|M.Sc Student||Marom Ophir|
|Subject||Detection of Abnormal Renal Function by Measurement of|
Volatile Organic Compounds in Exhaled Breath
|Department||Department of Chemical Engineering||Supervisor||Professor Hossam Haick|
|Full Thesis text|
Chronic kidney disease (CKD) is characterized by a progressive loss in renal function over a period of months or years. CKD is present in about 10% of the population in western countries. In CKD the loss in renal function is irreversible and the available medical treatment enables only stabilizing or slowing the disease progression. The common diagnostic technique today is an estimation of Glomerular Filtration Rate (eGFR) calculated as a function of serum creatinine levels. Early detection of CKD is critical in preventing patients from reaching advance stages of the disease, and consequently, improving their quality of life. A total loss of renal function requires patients to receive renal replacement therapy (RRT) such as kidney transplant or dialysis. Dialysis sessions are normally prescribed three times a week, four hours at a time. Adequate dialysis treatment improves patients' quality of life and life span. Improving current dialysis online monitoring technology could enable refining length of dialysis sessions which will improve quality of treatment.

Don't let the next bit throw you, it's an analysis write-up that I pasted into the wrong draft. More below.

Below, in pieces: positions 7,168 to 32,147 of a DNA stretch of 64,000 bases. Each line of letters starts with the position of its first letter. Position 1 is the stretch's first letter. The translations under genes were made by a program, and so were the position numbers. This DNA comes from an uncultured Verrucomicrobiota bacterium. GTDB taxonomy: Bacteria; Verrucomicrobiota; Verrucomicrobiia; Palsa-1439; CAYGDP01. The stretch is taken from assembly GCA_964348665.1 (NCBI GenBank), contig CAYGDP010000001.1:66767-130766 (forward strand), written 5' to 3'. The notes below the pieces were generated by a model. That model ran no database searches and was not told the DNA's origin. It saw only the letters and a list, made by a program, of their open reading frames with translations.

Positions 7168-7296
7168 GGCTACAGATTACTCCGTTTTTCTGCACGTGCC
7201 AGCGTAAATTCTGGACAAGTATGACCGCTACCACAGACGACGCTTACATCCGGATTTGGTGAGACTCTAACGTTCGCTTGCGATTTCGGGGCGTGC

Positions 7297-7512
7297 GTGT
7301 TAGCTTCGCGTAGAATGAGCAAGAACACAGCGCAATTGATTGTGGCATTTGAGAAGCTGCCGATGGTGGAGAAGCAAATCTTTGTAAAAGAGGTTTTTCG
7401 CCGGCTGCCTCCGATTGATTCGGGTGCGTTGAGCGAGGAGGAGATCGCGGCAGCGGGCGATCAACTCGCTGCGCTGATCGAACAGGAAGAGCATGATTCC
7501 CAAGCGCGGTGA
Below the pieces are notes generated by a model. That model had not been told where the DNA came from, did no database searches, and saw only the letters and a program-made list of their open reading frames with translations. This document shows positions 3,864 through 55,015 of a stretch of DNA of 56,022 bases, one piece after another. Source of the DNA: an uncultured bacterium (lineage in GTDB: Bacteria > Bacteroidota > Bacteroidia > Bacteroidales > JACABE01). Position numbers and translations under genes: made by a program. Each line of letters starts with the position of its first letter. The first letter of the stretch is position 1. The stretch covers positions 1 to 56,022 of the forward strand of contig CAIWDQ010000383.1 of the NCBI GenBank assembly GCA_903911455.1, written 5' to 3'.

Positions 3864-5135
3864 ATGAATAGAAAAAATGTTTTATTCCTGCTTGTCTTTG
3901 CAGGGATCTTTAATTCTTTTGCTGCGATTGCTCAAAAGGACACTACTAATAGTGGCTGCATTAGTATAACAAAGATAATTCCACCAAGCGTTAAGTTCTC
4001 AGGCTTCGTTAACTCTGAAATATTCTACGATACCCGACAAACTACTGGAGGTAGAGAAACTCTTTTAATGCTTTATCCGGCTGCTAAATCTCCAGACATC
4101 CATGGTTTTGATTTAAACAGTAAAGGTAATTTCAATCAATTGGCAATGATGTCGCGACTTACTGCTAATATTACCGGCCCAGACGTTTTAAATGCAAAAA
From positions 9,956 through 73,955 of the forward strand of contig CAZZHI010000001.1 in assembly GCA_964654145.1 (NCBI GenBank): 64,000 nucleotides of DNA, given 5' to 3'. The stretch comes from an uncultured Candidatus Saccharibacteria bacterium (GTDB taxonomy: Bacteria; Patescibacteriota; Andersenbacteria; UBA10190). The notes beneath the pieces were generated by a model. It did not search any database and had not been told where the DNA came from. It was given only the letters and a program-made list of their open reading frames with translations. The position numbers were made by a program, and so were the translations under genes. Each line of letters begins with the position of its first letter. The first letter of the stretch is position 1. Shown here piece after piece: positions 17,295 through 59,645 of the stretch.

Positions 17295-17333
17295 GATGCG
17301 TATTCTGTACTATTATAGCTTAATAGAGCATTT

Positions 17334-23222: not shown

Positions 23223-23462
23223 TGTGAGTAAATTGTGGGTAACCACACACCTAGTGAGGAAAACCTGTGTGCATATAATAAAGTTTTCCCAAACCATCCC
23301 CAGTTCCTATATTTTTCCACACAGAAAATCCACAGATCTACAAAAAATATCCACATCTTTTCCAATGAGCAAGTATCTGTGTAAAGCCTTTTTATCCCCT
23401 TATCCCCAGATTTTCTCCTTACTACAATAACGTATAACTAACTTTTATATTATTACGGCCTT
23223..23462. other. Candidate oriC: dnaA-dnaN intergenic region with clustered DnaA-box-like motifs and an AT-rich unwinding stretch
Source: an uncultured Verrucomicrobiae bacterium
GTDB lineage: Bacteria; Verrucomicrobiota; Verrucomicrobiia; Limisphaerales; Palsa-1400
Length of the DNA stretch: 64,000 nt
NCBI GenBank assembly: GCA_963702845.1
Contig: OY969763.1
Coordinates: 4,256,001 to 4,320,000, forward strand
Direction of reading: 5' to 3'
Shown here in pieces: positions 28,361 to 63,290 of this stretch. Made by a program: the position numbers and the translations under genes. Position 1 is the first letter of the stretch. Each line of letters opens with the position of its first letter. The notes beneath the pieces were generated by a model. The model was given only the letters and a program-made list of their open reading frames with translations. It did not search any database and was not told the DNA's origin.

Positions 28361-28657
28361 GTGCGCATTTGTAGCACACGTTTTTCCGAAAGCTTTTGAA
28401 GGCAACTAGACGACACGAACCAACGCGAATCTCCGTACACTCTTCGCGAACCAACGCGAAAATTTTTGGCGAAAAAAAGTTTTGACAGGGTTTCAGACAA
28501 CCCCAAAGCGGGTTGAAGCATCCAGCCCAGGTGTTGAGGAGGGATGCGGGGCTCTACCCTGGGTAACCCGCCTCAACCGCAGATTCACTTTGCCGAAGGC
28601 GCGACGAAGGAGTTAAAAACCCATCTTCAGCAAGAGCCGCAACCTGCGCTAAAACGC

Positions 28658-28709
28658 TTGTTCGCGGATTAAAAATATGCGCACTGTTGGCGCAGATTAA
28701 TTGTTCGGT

In this study, a novel method for identifying abnormal renal function was explored for two characteristic clinical conditions. Organically functionalized nanoparticle-based sensors were prepared and used for analyzing breath samples from CKD patients and healthy controls. In the first project, when identifying CKD and disease progression, a support vector machine analysis of the signals of two or three sensors yielded good distinction between early-stage CKD and healthy controls and between stage-4 and stage-5 CKD states. Moreover, the response of a single sensor and eGFR values were found to show similar trend when correlated to the serum creatinine levels. Gas chromotograpy/mass spectrometry (GC/MS) analysis of breath samples has revealed a systematic change in the presence of several VOCs as a function of CKD severity. A metabolic mechanism supporting these results has been proposed. In the second project, nanoparticle-based sensors were used to analyze breath samples of patients undergoing hemodialysis therapy for monitoring purposes. Signal analysis enabled extraction of relevant sensors, presenting trends in responses characteristic of clinical changes derived from hemodialysis session. A blind test was performed with accuracy of 84% for detection of hemodialysis patients. GC-MS analysis of pre- and post-hemodialysis breath samples has revealed a number of characteristic VOCs. These VOCs presented different trends in concentration as a function of hemodialysis treatment. The results obtained by GC-MS analysis reinforce different trends in the response of various sensors, providing an insight on the clinical changes induced by hemodialysis.